Graduation Year


Document Type




Degree Granting Department


Major Professor

Elizabeth Bell, Ph.D.

Committee Member

Eric Eisenberg, Ph.D.

Committee Member

David Payne, Ph.D.

Committee Member

Donileen Loseke, Ph.D.


Communication, Myth, History, Metaphor, Organization


Current creativity research is dominated by attention to the individual, with increasingly less attention paid to creativity in its context, in groups, and in filmmaking as a collaboratively creative enterprise. This study answers the research call to explore filmmaking as an exemplar for collaborative creativity. Utilizing the stories told on DVD extras on special edition releases of feature films, this study analyzes how collaborative creativity is storied. In turn, these stories reveal specific communication forms, practices, and strategies that enrich theoretical conceptions of collaborative creativity. Following dramatistic concepts elaborated by Kenneth Burke, this rhetorical analysis finds three emergent patterns of communication--mythic, historic, and symbolic--in the discourses of making-of-documentaries (MODs) that illuminate collaborative creativity.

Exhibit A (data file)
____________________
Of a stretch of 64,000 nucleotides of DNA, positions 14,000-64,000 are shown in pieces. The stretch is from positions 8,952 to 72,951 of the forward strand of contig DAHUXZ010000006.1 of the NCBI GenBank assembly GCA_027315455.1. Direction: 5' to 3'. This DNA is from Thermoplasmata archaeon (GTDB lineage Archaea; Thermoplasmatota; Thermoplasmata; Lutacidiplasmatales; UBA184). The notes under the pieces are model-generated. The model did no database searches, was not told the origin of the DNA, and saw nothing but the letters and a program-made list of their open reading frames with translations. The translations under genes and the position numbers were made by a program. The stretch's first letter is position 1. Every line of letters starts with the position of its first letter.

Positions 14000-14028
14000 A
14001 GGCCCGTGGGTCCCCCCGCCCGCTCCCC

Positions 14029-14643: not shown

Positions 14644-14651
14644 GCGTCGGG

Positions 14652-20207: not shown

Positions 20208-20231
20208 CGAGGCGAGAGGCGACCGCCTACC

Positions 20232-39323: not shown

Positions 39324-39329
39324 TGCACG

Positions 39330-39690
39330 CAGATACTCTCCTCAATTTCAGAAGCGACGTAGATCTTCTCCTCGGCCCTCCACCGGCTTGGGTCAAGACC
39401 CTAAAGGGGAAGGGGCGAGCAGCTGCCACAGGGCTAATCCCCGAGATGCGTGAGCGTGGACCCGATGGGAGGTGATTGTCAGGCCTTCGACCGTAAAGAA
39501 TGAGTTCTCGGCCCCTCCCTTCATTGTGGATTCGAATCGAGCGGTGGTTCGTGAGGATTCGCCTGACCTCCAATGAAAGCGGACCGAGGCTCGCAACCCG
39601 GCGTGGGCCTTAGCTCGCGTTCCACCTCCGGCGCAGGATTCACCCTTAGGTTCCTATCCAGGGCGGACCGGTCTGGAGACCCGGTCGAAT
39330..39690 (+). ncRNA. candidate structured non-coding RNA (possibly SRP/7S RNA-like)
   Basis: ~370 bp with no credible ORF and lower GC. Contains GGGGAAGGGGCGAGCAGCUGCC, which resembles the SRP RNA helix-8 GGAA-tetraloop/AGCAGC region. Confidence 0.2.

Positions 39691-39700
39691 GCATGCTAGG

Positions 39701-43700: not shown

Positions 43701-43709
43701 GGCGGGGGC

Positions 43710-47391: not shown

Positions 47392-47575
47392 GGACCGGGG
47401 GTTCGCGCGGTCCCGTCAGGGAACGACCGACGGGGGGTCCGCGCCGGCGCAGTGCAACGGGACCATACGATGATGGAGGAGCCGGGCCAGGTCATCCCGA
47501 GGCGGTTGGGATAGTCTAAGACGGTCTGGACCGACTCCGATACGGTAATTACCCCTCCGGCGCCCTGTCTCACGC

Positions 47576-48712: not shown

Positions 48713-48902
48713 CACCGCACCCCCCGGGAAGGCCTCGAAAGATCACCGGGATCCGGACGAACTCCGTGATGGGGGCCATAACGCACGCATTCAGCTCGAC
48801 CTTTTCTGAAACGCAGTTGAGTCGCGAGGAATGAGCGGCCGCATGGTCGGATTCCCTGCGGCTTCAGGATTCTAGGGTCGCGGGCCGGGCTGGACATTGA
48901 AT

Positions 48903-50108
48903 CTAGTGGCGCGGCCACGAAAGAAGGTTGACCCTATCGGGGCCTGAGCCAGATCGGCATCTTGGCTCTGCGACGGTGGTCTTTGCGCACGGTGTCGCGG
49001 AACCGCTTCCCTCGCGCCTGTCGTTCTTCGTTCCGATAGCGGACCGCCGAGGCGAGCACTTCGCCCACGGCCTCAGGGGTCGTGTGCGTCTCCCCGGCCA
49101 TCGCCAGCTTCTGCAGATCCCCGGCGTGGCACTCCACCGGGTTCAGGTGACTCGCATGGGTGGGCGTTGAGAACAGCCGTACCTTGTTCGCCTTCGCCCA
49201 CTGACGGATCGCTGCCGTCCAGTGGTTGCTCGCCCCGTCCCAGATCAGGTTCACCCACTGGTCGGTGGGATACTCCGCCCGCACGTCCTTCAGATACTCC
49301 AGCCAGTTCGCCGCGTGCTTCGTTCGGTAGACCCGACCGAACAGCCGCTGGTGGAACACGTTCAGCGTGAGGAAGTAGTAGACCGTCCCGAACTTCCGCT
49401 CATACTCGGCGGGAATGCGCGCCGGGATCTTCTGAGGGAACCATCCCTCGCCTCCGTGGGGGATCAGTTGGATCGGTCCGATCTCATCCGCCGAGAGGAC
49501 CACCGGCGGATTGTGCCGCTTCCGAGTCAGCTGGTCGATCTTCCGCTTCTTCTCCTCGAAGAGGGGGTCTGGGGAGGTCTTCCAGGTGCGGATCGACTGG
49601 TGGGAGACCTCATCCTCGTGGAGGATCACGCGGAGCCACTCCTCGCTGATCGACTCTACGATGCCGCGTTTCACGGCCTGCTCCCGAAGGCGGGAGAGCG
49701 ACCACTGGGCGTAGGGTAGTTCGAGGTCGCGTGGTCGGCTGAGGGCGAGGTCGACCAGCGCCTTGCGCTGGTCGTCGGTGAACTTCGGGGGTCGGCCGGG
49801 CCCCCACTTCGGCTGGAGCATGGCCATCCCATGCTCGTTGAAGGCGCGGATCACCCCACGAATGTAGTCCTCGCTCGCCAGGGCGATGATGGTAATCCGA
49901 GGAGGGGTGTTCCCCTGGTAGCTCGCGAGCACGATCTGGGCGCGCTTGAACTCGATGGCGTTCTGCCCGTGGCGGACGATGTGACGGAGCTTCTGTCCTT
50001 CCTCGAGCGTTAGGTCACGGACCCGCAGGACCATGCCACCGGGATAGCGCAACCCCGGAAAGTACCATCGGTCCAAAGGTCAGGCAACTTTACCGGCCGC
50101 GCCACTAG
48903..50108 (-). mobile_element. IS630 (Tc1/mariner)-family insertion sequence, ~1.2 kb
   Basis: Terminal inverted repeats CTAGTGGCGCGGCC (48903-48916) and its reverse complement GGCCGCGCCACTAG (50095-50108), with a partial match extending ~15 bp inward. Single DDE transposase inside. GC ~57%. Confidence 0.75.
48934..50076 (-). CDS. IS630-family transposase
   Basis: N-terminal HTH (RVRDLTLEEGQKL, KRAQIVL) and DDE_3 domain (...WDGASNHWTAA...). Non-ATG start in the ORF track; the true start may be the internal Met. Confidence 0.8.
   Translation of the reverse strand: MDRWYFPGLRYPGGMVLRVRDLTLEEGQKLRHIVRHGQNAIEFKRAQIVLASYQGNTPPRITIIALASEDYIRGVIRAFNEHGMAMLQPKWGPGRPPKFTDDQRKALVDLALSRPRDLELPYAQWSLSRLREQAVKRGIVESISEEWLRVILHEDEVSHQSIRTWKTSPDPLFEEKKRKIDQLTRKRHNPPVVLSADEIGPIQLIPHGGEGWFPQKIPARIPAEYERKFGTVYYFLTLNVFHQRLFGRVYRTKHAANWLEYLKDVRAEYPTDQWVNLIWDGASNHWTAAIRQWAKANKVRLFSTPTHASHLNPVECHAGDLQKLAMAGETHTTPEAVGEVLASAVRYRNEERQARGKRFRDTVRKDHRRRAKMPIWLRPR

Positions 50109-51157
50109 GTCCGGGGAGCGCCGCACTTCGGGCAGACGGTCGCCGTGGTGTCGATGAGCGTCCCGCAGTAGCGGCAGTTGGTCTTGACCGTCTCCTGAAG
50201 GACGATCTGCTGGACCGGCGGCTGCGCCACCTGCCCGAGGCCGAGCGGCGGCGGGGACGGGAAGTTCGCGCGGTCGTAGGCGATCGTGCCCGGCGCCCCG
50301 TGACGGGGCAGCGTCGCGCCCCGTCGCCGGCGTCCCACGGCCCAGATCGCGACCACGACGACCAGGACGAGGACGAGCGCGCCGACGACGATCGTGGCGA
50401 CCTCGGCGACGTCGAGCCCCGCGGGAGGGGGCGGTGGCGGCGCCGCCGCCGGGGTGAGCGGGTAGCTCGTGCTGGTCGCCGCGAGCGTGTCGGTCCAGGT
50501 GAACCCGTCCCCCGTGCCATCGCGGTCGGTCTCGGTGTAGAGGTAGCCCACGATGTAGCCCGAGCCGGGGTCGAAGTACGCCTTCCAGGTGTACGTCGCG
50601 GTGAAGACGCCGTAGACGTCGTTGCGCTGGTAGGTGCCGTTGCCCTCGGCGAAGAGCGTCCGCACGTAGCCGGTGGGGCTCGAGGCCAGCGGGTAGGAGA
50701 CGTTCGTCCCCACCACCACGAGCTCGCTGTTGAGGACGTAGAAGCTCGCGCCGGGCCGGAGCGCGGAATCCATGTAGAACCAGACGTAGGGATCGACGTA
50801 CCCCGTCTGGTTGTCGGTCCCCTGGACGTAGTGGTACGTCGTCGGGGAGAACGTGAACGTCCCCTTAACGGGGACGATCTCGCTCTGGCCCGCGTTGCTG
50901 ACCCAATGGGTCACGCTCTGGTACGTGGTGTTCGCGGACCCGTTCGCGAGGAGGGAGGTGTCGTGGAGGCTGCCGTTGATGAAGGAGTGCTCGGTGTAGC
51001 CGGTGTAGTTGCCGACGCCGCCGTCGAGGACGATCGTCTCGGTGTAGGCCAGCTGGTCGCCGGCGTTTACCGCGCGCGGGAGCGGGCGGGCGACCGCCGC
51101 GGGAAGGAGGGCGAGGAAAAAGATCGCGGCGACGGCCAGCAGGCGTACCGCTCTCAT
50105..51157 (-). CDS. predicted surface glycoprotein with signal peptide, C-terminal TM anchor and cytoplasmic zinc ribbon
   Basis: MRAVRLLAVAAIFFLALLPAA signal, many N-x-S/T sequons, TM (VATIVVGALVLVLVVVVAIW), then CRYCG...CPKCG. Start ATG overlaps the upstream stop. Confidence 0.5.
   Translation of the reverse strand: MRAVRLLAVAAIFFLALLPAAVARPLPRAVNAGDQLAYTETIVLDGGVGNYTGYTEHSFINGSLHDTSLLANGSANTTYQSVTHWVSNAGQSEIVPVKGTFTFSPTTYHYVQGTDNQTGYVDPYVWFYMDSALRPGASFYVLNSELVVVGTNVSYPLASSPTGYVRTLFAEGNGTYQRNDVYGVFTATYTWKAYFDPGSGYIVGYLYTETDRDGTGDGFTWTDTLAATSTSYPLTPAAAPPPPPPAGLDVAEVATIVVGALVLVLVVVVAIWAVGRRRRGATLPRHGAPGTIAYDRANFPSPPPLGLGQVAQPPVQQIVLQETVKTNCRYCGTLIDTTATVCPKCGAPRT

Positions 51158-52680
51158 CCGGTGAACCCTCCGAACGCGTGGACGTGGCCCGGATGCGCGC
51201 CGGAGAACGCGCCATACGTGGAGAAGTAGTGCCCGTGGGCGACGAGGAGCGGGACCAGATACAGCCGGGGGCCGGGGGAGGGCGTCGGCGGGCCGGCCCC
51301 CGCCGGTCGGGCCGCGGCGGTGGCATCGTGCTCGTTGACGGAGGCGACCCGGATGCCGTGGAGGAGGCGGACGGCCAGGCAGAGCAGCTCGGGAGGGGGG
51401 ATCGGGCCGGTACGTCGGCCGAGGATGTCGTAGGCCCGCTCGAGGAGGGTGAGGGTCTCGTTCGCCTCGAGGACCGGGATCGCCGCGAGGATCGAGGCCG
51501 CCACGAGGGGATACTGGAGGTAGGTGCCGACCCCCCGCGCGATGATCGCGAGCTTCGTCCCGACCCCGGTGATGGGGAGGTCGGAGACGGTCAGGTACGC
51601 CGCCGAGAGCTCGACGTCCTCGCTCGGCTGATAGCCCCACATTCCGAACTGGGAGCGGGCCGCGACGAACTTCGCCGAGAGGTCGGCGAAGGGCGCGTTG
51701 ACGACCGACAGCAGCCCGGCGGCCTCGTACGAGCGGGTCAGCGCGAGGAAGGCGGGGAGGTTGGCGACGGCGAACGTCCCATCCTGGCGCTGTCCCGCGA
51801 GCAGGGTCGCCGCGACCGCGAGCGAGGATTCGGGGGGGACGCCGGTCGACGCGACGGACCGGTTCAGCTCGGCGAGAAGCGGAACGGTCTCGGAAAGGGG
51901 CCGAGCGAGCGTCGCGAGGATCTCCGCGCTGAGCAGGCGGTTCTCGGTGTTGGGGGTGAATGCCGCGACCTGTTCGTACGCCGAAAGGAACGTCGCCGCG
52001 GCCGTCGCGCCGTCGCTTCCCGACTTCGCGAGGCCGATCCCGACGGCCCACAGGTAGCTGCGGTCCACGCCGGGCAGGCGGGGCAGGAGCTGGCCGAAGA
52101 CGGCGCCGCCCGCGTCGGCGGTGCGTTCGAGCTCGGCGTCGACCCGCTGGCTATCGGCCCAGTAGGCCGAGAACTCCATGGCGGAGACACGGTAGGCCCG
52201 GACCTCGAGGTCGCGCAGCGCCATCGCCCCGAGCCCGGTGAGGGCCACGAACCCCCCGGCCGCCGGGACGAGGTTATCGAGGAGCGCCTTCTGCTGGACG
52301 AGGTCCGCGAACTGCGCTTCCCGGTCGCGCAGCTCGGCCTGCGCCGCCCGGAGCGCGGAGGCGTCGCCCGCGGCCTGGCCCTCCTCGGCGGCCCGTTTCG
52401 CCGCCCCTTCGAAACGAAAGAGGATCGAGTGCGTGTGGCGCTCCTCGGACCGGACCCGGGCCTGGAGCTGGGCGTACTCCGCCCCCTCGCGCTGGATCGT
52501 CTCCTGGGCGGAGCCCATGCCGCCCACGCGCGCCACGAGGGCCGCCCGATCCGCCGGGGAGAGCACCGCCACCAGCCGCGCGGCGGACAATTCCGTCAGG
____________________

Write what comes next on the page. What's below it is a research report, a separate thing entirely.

As mythic patterns, MODs utilize the structure of the quest tale to organize the plot, drama, and rhetoric of collaborative creativity told in MODs. Audiences, then, are invited to re-experience the journey, and every MOD symbolically and ritually repeats and re-actualizes the cosmogony. As historic patterns, filmmakers converse in history with filmmaking predecessors, traditional industry practices, and present collaborators. Through their various roles as fans, critics, and memorialists, filmmakers renovate and commemorate film history, offering creativity theory criteria by which novelty is evaluated. As symbolic patterns, MOD discourse spotlights the metaphors filmmakers use to create collaborative environments and to characterize directors' performances. Together these metaphors create a guiding and habitable ideology for production work that improves upon "vision" as one guiding metaphor for creativity.

This analysis enriches theoretical accounts of creativity by approaching collaborative creativity obliquely, as space-off, and rhetorically, as inducements to success stories in organizations. Taking communication as central to collaborative creativity, this study offers three counter-statements to traditional conceptions of creativity: creativity is shared, not possessed; collaborative creativity emerges within human drama; and collaborative creativity lives and finds its meaning in performance.